SUPPLY CHAIN LESSONS LEARNED FROM COVID-19: THE NEED TO TRANSFORM THE TRADITIONAL SUPPLY CHAIN


In April 2021, it has already been more than one year since the start of the COVID-19 global pandemic which turned out to be an acid test for global supply chains. In the beginning of 2020, it started with medical device manufacturers facing the unprecedented surge in demand, and progressively expanded to other sectors such as the automotive industry that is now confronted with semiconductor chip shortages.


How can global supply networks survive COVID-19 disruption and prepare for another pandemic hit or future shocks?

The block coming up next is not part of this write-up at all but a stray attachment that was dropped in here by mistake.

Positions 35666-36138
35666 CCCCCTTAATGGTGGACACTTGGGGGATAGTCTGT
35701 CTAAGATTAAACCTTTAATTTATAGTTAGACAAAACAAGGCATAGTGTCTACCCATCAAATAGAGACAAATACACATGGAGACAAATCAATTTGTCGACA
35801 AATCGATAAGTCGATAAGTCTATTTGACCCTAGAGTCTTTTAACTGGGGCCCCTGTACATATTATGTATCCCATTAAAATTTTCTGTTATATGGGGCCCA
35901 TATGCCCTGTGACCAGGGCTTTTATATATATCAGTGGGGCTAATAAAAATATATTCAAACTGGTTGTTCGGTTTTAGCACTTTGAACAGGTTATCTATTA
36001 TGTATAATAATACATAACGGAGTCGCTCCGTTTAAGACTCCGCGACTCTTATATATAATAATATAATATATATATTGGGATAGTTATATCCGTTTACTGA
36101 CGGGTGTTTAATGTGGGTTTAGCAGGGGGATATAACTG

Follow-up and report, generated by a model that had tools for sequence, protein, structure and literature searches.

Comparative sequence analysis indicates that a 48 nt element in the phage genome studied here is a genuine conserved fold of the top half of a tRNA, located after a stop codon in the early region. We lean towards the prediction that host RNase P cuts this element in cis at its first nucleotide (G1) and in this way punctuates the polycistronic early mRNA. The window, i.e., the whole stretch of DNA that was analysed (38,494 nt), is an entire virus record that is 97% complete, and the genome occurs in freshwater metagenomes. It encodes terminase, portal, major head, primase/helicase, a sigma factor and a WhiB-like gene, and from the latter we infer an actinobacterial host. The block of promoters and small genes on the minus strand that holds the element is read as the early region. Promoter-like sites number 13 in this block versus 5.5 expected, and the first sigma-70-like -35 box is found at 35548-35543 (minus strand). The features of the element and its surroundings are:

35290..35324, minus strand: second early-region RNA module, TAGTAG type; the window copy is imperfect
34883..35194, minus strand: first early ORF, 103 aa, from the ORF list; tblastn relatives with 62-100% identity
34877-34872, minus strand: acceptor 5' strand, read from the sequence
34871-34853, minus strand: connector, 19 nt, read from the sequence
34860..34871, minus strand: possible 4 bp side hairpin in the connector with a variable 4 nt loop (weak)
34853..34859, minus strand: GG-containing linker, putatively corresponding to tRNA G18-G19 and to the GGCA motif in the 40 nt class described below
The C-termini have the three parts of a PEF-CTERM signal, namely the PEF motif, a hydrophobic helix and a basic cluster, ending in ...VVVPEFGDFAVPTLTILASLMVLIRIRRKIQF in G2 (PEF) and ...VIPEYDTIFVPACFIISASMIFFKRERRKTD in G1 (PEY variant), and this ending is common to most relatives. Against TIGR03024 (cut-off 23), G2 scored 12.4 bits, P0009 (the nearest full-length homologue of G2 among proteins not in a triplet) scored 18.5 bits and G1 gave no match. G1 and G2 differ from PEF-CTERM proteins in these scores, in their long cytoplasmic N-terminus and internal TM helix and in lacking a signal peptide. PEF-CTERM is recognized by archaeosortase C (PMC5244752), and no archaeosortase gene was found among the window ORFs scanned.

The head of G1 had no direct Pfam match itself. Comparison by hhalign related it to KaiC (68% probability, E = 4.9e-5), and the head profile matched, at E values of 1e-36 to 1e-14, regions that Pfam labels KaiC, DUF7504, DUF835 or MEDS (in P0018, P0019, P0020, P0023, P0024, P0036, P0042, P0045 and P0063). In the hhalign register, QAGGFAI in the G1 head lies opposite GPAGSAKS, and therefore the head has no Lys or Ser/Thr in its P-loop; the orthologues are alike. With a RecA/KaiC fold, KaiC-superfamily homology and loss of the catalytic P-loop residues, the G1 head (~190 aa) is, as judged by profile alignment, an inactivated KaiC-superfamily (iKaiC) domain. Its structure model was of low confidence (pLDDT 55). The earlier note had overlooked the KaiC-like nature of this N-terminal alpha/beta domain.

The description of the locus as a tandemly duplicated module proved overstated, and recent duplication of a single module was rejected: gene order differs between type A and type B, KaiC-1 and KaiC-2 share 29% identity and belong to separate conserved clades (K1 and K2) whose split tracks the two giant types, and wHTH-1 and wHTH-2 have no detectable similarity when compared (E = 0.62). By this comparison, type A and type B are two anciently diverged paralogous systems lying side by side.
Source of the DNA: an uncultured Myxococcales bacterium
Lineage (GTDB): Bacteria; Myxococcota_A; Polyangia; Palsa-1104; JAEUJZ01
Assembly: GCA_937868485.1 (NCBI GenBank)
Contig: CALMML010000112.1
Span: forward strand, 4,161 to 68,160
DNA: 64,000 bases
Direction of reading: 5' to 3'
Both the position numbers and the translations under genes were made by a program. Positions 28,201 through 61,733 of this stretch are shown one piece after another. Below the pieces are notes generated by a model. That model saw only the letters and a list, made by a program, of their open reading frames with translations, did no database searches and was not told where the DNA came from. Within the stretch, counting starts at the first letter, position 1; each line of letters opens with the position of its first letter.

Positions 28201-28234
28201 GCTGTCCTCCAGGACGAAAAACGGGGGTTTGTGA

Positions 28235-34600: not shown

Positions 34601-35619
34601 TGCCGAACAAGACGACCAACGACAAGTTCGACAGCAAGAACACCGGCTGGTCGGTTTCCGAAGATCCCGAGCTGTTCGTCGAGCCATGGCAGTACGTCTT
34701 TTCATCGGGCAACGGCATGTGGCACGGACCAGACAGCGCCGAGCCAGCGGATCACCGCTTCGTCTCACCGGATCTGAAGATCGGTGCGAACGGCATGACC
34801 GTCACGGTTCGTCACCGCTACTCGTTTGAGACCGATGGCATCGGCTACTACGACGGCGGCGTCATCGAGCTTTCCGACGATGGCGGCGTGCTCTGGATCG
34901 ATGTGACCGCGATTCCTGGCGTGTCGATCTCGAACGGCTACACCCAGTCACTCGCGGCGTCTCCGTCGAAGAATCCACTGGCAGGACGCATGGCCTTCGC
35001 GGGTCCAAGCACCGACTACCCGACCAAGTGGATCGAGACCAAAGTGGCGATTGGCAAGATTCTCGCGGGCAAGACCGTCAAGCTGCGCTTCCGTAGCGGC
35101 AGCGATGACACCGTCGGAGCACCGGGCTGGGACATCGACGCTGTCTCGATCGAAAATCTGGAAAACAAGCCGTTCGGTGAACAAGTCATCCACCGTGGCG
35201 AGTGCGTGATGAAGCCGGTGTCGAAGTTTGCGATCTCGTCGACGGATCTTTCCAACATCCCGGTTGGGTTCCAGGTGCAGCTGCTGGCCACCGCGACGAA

Since the start of the coronavirus outbreak, The European Commission mobilised programmes and funding to allow businesses, innovators and relevant actors to respond to the crisis. As part of the EU’s 1.4 billion pledge for the Coronavirus Global Response, the CO-VERSATILE project – launched in November 2020 and led by SZTAKI – is focusing on improving the adaptability and resilience of production and supply chain methods by offering manufacturing and logistics firms replicable production lines and customisable engineering processes accessible via a democratic cloud-based marketplace. To prepare Europe for managing disruptions, CO-VERSATILE partners develop production lines revisiting short-term advantage of producing in low-cost economies and long-term effects of making products closer to customers relying on local supply chains. The approach that CO-VERSATILE partners deploy for life-saving products that are required on short notice, can be scaled up and implemented for other industries at times of crises.